I would like to say a special thank you to the Lambeth Circuit for the gift of a three-month sabbatical (May-July). Thank you to Rev. Andy D and Rev. Lena who helped to offer pastoral support to Brixton Hill and Mostyn during this time, and for all church members who took on extra responsibilities in my absence.
When my husband and I initially thought of this sabbatical time, we had rather ambitious plans that involved, among other things, plane travel. Needless to say, due to Covid restrictions, we did not step aboard one aircraft! Instead, our plans changed and brought us to a sabbatical that was probably truer to the essence of sabbath- rest, restoration, refreshment. We spent time in places of natural beauty, from the Island of Mull to Cornwall. To each of our stay-cation spots, we went loaded with books. I chose to focus my reading on the writings of Dr. Howard Thurman (1899-1981).
Rev. Thurman was an African American who has often been referred to as the “saint of the Civil Rights movement.” People have retreated to his words and leaned on his leadership for inspiration and meaning during times of heartbreak and struggle. Martin Luther King used to carry Thurman’s book, Jesus and the Disinherited, with him when he travelled. Thurman was a spiritual contemplative, mystic, teacher, mentor, preacher, poet, spiritual sage and seeker of social justice. People turned to him for wisdom, and I decided that I would like to be one of them. I wanted to find out more about The Fellowship Church for All People, which he helped to establish in San Francisco in 1944, one of the first interracial and intercultural congregations in the US that became an example of a diverse Christian fellowship for others. Thurman believed strongly in the experiences and exchanges that pushed people beyond the artificial barriers of race, tradition, ethnicity and heritage. He believed in acts of unity that showed the church bearing witness to overcoming barriers of race. What was it about his leadership style that led him to be one of the founders of The Fellowship Church? How did his contemplative approach lead him to a firm commitment to social justice? How can this model speak to us in the Lambeth Circuit in 2021? These were some of the questions I held as I read his books and his meditations.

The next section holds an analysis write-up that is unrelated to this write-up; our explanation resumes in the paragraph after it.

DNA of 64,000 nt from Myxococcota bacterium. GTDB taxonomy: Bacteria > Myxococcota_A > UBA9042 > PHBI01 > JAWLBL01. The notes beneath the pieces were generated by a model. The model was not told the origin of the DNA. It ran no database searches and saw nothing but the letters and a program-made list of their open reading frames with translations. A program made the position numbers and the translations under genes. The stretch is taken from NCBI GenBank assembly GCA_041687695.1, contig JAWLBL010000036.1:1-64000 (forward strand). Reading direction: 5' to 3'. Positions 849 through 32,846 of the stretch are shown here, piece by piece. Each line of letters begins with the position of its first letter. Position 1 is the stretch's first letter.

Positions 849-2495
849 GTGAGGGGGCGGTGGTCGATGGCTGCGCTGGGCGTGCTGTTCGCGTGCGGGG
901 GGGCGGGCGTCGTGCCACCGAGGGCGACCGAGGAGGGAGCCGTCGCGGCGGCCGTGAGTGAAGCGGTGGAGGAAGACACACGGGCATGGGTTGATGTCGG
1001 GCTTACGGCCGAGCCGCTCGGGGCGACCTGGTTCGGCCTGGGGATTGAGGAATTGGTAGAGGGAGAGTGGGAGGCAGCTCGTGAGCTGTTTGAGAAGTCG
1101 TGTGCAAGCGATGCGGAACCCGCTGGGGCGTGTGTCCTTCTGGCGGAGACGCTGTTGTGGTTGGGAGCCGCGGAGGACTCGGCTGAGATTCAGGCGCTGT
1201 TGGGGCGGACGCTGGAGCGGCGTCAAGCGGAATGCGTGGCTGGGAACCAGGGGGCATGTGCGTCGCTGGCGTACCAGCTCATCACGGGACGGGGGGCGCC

He often spoke of his grandmother, who had spent the first twenty years of her life enslaved on a Florida plantation. He said of her, “I learned more, for instance, about the genius of the religion of Jesus from my grandmother than from all the men who taught me …, because she moved inside the experience of the religion of Jesus and lived out of that kind of centre.” With “a stiffening in her spine”, she would tell the following story: “There was an enslaved minister from a nearby plantation who would come at least once a year to hold secret religious meetings with his fellow slaves on my plantation.” Thurman continues, “How everything in me quivered with the pulsing tremor of raw energy when, in her recital, she would come to the triumphant climax of the minister. ‘You are not slaves. You are God’s children.” Thurman said that this sense that the Creator of the universe created him, that he was a holy child of God, allowed him to absorb all of the violence that life would throw at him. His grandmother helped him see that this was his true identity. That was a starting point for his work at The Fellowship Church. We are beloved children of God, holy, valued… with our place in the universe. A good reminder for us as we seek in the Lambeth Circuit to be diverse Christian churches- for others!